Jun 23, 2012 Cary will look into dog bites

“I strongly feel I have the right to not be in danger when walking on a public sidewalk.” - Kathy Brandwein

Cary - Kathy Brandwein and her husband were walking their dog in May when an unleashed, female beagle/pit bull mix rushed toward them.  The pit bull injured her husband when he tried to protect his dog.  Police had to come stop the attack and the pit bull mix was euthanized.

“You never forget how you feel, if you’ve had that happen to you,” Brandwein said.

Brandwein asked the village board this week to increase penalties for attacks when there is a negligent dog owner.

Village President Tom Kierna directed staff to start an internal committee to look into the village’s dog ordinances and see what the village is allowed to do within state law. He also asked staff to set up a public meeting for discussion on dog ordinances. The meeting has yet to be scheduled.

Brandwein suggested the village require hearings if there is an unprovoked dog bite and require the offending dog’s owner to give a reason why the dog should not be taken away or euthanized.

Village Attorney Michael Coppedge said the village is limited by the state’s animal control statute in what it can do.

Read more:
Northwest Herald  Accessed: 2013-05-23. (Archived by WebCite® at http://www.webcitation.org/6Gq8Fb7vs)

Related posts:
Nov 5, 2005 Nick Foley Survives Agony of a Pit Bull Rampaging Attack
Dec 19, 2005 Some want crackdown on pit bulls Recent dog attacks prompt more legislative attention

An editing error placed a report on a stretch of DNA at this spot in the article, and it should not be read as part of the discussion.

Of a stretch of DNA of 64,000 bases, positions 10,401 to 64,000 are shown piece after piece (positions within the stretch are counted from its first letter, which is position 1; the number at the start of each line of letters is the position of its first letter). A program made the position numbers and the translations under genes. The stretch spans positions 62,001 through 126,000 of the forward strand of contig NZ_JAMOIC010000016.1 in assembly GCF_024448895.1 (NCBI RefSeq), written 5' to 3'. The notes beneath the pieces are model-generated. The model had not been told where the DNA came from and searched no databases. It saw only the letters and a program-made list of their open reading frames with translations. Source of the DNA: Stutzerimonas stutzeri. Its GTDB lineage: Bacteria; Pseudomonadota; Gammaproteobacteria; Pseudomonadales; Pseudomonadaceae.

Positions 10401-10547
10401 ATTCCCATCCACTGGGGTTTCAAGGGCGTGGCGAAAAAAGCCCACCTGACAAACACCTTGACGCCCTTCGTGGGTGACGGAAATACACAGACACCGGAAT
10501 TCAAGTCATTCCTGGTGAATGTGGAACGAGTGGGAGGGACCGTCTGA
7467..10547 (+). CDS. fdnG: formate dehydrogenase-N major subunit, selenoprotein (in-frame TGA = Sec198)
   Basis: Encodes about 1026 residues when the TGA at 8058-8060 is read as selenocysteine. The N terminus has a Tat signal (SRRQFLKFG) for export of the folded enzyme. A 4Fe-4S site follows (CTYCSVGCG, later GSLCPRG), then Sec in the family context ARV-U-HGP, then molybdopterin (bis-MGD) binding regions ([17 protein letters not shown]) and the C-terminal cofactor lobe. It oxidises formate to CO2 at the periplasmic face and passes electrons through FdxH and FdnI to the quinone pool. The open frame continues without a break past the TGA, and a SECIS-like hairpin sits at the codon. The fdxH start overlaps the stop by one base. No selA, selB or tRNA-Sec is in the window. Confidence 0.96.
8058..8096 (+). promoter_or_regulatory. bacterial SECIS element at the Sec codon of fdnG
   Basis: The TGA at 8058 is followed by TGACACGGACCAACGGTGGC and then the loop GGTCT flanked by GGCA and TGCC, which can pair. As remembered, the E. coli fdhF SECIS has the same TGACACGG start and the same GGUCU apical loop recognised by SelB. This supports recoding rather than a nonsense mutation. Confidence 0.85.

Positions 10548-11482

May 23, 2012 Dog bites man walking pet; animal to be euthanized

Cary is one more in a string of  communities that report the town leaders are hampered by the Illinois Dog Control Act (Anna's Law).  This town, Cary Illinois, is the location of a horrific pit bull attack.  Nick Foley and Jourdan Lamarre, both 10 years old, and four adult were attacked by 3 pit bulls in an attack that lasted half an hour.  The pit bulls ripped pounds of flesh from Nick Foley's  body causing him to lose 50% of his blood.  Please read Tribune reporters Carolyn Starks' and John Keilman's reportage describing the attack, how it affected the children, the families, and an entire neighborhood.

Kathy Brandwein gets to the exact heart of the problem, and has some good ideas, but after reading about Nick Foley's attack, you cannot help but understand that her suggestions do not go far enough.

In 2005, after Nick Foley's attack, state representative Michael Tyron (R) Crystal Lake said penalizing owners makes sense but so does restricting some breeds that have proven to be inherently dangerous.

Tyron argues it makes no sense to require a court order to deem those breeds dangerous... His bill would consider those dogs dangerous automatically and give local authorities more regulatory power.